A growing island
A growing island beneath the muddy, churning waters off Point Radix in Mayaro is a cause for concern for oil companies operating in the area.
The companies operating in the area are Petrotrin and Canadian Superior.
Officials from State-owned Petrotrin flew by helicopter at the weekend to the area of turbulence to get a first hand look at what is happening. Earlier, the Seismic Research Unit of the University of the West Indies (UWI) warned in a report that the island, which it described as "the construction of an undersea mound", had resulted "in a significant reduction in the depth to off-shore platforms in the area."
The island has more than trebled in its size in the past few days. "One week ago the water in that area was approximately 50 feet deep, now it is between six to ten feet deep," Rod Stewart , a Volcanic Seismologist attached to the University of the West Indies (UWI), said yesterday.
He said the island was now 40 feet high and it covered an area of some 500 feet in diameter. Stewart said the waves in the area at the time of the visit were "about six feet high."
He and officials of the Office of Disaster Preparedness and Management (ODPM), UWI and the Institute of Marine Affairs (IMA), visited the area last weekend to make a further assessment of what was happening.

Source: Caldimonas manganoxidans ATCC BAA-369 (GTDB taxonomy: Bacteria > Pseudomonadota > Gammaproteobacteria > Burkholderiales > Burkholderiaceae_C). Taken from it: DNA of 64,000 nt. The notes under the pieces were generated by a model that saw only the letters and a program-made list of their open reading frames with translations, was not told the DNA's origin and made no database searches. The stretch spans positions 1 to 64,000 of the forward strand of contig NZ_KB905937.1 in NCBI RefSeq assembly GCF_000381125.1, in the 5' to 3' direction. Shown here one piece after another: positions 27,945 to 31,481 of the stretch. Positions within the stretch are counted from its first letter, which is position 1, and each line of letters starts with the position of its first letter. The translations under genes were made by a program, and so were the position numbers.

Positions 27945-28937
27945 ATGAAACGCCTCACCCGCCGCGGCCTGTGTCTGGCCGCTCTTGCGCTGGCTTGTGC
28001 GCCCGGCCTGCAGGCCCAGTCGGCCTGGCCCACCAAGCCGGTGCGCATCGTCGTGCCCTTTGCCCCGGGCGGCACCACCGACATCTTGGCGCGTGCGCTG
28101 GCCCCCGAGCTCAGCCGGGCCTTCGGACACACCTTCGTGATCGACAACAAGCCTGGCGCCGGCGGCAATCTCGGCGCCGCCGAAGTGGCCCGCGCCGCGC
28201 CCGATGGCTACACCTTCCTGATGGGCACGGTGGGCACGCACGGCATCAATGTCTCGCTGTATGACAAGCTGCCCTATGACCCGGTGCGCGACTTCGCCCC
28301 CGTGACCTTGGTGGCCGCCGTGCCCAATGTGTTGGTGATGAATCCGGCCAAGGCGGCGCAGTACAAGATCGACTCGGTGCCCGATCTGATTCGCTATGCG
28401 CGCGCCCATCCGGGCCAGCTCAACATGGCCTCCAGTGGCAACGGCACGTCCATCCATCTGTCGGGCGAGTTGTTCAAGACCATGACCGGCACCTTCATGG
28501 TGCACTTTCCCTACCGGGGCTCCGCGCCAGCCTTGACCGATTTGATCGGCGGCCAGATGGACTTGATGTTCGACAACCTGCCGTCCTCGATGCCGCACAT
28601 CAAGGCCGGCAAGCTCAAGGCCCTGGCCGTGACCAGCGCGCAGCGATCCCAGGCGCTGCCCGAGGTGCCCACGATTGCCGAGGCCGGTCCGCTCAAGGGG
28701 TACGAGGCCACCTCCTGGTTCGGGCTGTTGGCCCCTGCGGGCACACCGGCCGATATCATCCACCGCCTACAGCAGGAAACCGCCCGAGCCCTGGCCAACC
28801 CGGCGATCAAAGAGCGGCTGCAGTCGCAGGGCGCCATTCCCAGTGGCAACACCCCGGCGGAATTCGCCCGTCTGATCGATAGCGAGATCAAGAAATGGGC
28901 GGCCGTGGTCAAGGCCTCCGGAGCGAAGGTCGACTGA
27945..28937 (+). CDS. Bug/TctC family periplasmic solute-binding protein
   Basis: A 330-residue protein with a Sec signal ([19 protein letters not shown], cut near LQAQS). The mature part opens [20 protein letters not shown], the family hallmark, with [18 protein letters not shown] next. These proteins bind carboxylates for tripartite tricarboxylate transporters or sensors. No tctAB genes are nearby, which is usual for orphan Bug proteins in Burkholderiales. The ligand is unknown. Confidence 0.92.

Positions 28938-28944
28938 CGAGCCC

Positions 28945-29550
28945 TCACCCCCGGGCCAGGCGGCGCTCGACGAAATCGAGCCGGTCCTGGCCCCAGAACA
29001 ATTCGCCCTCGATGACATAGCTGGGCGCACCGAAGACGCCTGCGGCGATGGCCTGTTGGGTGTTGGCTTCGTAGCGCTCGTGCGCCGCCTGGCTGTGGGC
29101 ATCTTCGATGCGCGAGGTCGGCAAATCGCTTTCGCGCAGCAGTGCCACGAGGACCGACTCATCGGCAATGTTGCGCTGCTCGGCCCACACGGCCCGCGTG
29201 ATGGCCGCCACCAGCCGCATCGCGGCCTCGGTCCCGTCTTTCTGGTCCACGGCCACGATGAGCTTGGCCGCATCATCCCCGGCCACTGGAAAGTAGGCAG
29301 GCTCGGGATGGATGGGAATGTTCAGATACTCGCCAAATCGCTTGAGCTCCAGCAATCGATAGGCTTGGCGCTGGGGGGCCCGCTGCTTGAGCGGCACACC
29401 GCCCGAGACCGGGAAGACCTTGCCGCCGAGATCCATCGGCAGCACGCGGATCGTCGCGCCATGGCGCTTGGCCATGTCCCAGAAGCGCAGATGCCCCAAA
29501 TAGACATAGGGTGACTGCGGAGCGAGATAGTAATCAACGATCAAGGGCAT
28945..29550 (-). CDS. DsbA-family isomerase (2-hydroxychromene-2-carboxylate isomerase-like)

They travelled by boat and remained about 100 feet from the turbulence due to the formation of the island. The team collected samples of water with fine mud for analysis. The IMA was also making arrangements to bring in a consultant to help in the investigation, it was learned.
A team consisting of representatives of the IMA, ODPM and Geological Society of Trinidad and Tobago as well as members of the Seismic Research Unit will continue their study of the area today.
A Petrotrin official said "we will be guided by the findings of the team". He said that in the meantime the company will be taking all the necessary instructions given by the ODPM.
The ODPM has advised owners of small craft to stay away from the area until a final determination is made concerning the turbulence in the area.
When the sea first started to churn last week experts had said that it might have been a mud volcano.